In fact, at the beginning, Rolex used the most common steel for its watches, just like everyone else. But since 2003, Rolex’s R&D team has discovered that 904L actually has the following advantages.
Firstly, this type of steel, which is more resistant to corrosion and rust than other steels, is also stronger.
Secondly, it is clear that 904L steel, polished to produce a more aesthetically pleasing bracelet and dial, whether it is brushed or polished.
You may ask, if this steel is so good, why don’t other watchmakers use it? As far as I know, other watchmakers, at best, vaguely tell you that the watch is made of steel, rather than explicitly telling you that it is 904L steel, as Rolex does.
Firstly because 904L is more expensive than other steels and costs more. More importantly, this 904L has the disadvantage that as the steel gets harder, it becomes more difficult to forge. Rolex had to change all the production lines associated with forging steel in order to use this steel.
No watchmaker has ever had to change an entire production line for the slightest difference in steel polishing, and the cost is so high that to this day, no company has ever bothered to use 904L for its watches.
Rolex’s obsession with perfection is thus evident.
The schoolmaster of the watch world
You might think that Rolex is just about as good as it gets when it comes to developing a watch model, or water resistance.
Not really, they have several laboratories at their headquarters in Switzerland, equipped with a strong research team. They even have chemists and geologists on their team.
This team is “obsessed” with researching and improving all sorts of watch-making techniques: there is a chemistry lab that specialises in lubricants to make the production line run more smoothly, a geologist to study the purity of diamonds and a specialist to formulate Rolex’s exclusive gold.
Yes, they get 24-carat gold from their suppliers, but they don’t use it directly on their watches. Instead, they have their own research and development team take this 24-carat gold and blend it with a gold shade that doesn’t tarnish easily, that doesn’t oxidise or corrode easily, that is beautiful and durable, and that is unique to Rolex.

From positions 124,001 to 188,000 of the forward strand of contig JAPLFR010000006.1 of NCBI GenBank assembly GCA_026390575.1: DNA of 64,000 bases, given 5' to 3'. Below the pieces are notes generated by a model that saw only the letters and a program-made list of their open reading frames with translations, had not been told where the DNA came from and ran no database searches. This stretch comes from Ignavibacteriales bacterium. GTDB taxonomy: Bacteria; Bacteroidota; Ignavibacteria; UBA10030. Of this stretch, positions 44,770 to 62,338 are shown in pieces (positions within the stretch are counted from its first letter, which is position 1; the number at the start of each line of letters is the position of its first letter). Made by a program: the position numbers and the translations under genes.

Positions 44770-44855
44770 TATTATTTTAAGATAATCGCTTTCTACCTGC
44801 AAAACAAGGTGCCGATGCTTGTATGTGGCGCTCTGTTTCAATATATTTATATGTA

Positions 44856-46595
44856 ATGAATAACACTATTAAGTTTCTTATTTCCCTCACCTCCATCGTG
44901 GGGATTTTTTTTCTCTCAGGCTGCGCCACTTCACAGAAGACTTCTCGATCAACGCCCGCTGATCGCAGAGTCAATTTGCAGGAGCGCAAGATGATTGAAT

It’s very tortoise-like, isn’t it?
So if Rolex were a man, he would be a Capricorn who is extremely fussy about details.
Understatement is the best form of bravado
Some people say that a Rolex is not fancy enough, that it is not flashy enough, that it is too understated.
But showing off isn’t even in the Rolex blood. Many luxury watchmakers, in order to show off how great their movements are, use transparent dials so that the consumer can see every turn of the inside of their movements in order to stimulate the desire to buy.
Rolex does no such thing. They have never used any transparent dials, or transparent casebacks. The philosophy is simple: we are Rolex and we don’t need to bare our breasts to prove ourselves.
Here’s what I like about Rolex: they are ostensibly a watchmaker, but they have developed (and continue to develop) technologies and materials that don’t exist in the industry, have an almost obsessive (crazy) quest for perfection, and have always had a pedigree of understatement and calm, building a watch with the precision of a submarine by hand, day in, day out, for over a hundred years since they were founded. Nothing more is required.
You can see why other watchmakers can only ever be watchmakers, while the values behind the letters Rolex cannot be replicated.